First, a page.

Besson was interested in cinema from an early age. After finishing school, he undertook a short internship in Hollywood, where he began working in the film industry on both short and feature films, later becoming an assistant director at the Gaumont Film Company, where he worked with  Lewis Gilbert, Clive Donner, Claude Faraldo, and Patrick Grandperret, among others. Between 1978 and 1982, he made four short films: Les petites sirenes, Voici, L'avant-dernier, and Formule 2. He founded his own production company in 1981, where he did advertising work. His debut in the science-fiction genre, The Last Battle (1983), brought him critical recognition and several international awards. In the film, Besson shows us a post-apocalyptic world and the people who escaped unscathed by the destruction and who have to build a new social order from scratch. He introduces a range of bizarre, unique characters, a feature that will come to typify his style. His second film, Subway (1985), again penetrates the margins of society, this time in the Paris metro, an underground world that exists independent of what is happening outside. The spirited film The Big Blue (1988), which enjoyed remarkable success in France (8 million viewers), also showed a dichotomy, this time between the world on land and the one under water. The film’s protagonists are Jacques Mayol and Enzo Molinari, rival champions in the sport of free diving. Nikita (1989) is, in turn, an insightful female portrait. This time, the character created by Besson is constantly being transformed, from a lost punk to a rebellious student at a school for special forces, to a femme fatale to the perfect assassin.

The program includes:

1983 The Last Battle / Le dernier combat 

1985 Subway

1988 The Big Blue / Le Grand bleu

1989 Nikita

1991 Atlantis


Léos Carax

(born November 21, 1960, Suresnes)

As a 20-year-old, following his studies at Paris 7 University and the American College in Paris, Léos Carax, born Alexandre Oscar Dupont, made several short films and also worked for the cult film magazine 'Cahiers du Cinéma', which was edited by Serge Daney. He then took on the artistic pseudonym Léos Carax, an anagram of his first two names. His first published critical text was a positive review of Sylvester Stallone’s directorial debut, Paradise Alley (1978), in which he expressed his appreciation for the sort of technique that he always demanded from cinema and from filmmakers. Shortly thereafter, he made his first short films: La fille rêvée (1978) and Strangulation Blues (1980), which was awarded the Grand Prix for short films at the Hyères Festival in 1981. He also appeared as an actor in Godard’s King Lear and Philippe Garrel’s Les ministères de l'art. He spent three years making his feature-film debut, the black-and-white movie Boy Meets Girl (1984), inspired by the silent films of Jean Cocteau and the work of Jean-Luc Godard and starring Denis Lavant and Mireille Perrier in the lead roles. The film premiered at the festival in Cannes, where it won the Youth Prize for the best French film, and Carax was proclaimed by the critics to be the heir to the New Wave. The film tells the story of a young man, Alex, who has just broken up with his girlfriend, as a result of which he becomes depressed. One day, he meets an actress who has just left her lover. They are both trying to pull themselves together in this new situation, while also forgetting the cruelty of everyday life.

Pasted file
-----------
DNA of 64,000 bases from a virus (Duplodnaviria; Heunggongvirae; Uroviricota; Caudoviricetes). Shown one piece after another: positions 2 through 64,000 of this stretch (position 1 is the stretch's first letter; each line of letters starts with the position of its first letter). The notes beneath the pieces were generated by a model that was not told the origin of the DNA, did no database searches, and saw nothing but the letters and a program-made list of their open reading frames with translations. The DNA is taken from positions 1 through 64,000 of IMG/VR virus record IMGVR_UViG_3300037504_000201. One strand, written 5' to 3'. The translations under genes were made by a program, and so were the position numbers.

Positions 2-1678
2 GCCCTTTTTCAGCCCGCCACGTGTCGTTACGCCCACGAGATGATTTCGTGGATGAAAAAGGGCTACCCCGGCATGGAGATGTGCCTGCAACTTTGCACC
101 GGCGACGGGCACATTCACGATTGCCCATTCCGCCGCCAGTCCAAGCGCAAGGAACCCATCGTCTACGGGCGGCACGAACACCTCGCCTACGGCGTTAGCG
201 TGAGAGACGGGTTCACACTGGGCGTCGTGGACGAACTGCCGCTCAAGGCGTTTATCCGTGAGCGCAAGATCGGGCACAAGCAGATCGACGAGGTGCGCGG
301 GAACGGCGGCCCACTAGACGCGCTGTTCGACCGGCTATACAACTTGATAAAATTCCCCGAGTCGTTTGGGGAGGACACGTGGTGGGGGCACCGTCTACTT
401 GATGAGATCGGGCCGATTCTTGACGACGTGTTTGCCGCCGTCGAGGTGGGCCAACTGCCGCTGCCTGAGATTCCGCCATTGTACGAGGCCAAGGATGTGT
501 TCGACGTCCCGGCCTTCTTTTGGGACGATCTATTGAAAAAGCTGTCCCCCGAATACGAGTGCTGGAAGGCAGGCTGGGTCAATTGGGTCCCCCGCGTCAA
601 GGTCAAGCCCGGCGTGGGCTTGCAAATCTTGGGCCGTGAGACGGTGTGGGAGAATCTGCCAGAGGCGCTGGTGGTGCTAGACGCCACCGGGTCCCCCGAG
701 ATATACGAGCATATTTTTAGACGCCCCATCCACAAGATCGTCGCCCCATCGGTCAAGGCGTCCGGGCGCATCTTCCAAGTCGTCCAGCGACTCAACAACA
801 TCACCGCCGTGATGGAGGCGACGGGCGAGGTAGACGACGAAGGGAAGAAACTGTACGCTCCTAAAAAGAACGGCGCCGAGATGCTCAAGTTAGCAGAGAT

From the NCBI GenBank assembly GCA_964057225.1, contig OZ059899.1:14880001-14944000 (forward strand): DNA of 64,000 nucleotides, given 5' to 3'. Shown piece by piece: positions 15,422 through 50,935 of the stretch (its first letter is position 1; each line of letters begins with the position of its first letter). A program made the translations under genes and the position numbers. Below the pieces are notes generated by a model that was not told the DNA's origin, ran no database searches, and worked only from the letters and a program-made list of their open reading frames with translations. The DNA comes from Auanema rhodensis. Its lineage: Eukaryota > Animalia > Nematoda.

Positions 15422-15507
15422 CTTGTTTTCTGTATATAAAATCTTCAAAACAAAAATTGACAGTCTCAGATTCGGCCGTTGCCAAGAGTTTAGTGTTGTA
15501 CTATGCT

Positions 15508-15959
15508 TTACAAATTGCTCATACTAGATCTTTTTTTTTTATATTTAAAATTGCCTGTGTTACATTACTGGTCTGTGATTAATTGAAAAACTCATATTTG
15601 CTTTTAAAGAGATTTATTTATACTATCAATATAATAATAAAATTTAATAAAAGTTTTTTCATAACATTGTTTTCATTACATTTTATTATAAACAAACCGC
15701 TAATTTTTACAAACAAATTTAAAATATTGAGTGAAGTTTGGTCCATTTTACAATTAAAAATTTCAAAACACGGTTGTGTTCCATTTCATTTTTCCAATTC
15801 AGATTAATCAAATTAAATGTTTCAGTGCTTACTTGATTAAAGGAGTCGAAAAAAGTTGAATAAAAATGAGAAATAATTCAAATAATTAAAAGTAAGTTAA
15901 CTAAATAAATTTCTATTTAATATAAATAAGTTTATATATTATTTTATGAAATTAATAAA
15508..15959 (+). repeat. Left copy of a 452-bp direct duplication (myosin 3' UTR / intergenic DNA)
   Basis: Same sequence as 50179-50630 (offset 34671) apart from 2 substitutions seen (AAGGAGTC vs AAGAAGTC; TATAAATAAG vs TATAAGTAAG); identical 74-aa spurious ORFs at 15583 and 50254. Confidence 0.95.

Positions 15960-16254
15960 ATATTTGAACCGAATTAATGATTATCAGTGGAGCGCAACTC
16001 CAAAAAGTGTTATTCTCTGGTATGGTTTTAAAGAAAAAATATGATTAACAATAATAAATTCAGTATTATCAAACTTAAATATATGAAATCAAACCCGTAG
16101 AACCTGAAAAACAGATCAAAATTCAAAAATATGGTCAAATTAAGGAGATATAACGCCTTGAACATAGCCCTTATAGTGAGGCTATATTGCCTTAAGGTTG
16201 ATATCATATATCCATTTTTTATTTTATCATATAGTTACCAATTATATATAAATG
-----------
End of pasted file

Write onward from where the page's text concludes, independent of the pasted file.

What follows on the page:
A scandal cleared the way for the young artist in the film business, allowing him to make his next film, The Night Is Young (1986), with a quartet of actors: Julie Delpy, Juliette Binoche, Michel Piccoli and Denis Lavant. The film received the Alfred Bauer award for innovation and a CICAE Award from the International Confederation of Art Cinemas at the International Film Festival in Berlin in 1987. Carax’s directorial talent was confirmed by his next, emotional films: The Lovers on the Bridge (1991) and Pola X (1999). After 13 years of silence, the director returned with Holy Motors, an explosive vaudeville starring Denis Levant, a film that has already earned a reputation as a cult classic.

The program includes:

1984 Boy Meets Girl

1986 The Night Is Young / Mauvais sang

1991 The Lovers on the Bridge / Les amants du Pont-Neuf

1999 Pola X

2012 Holy Motors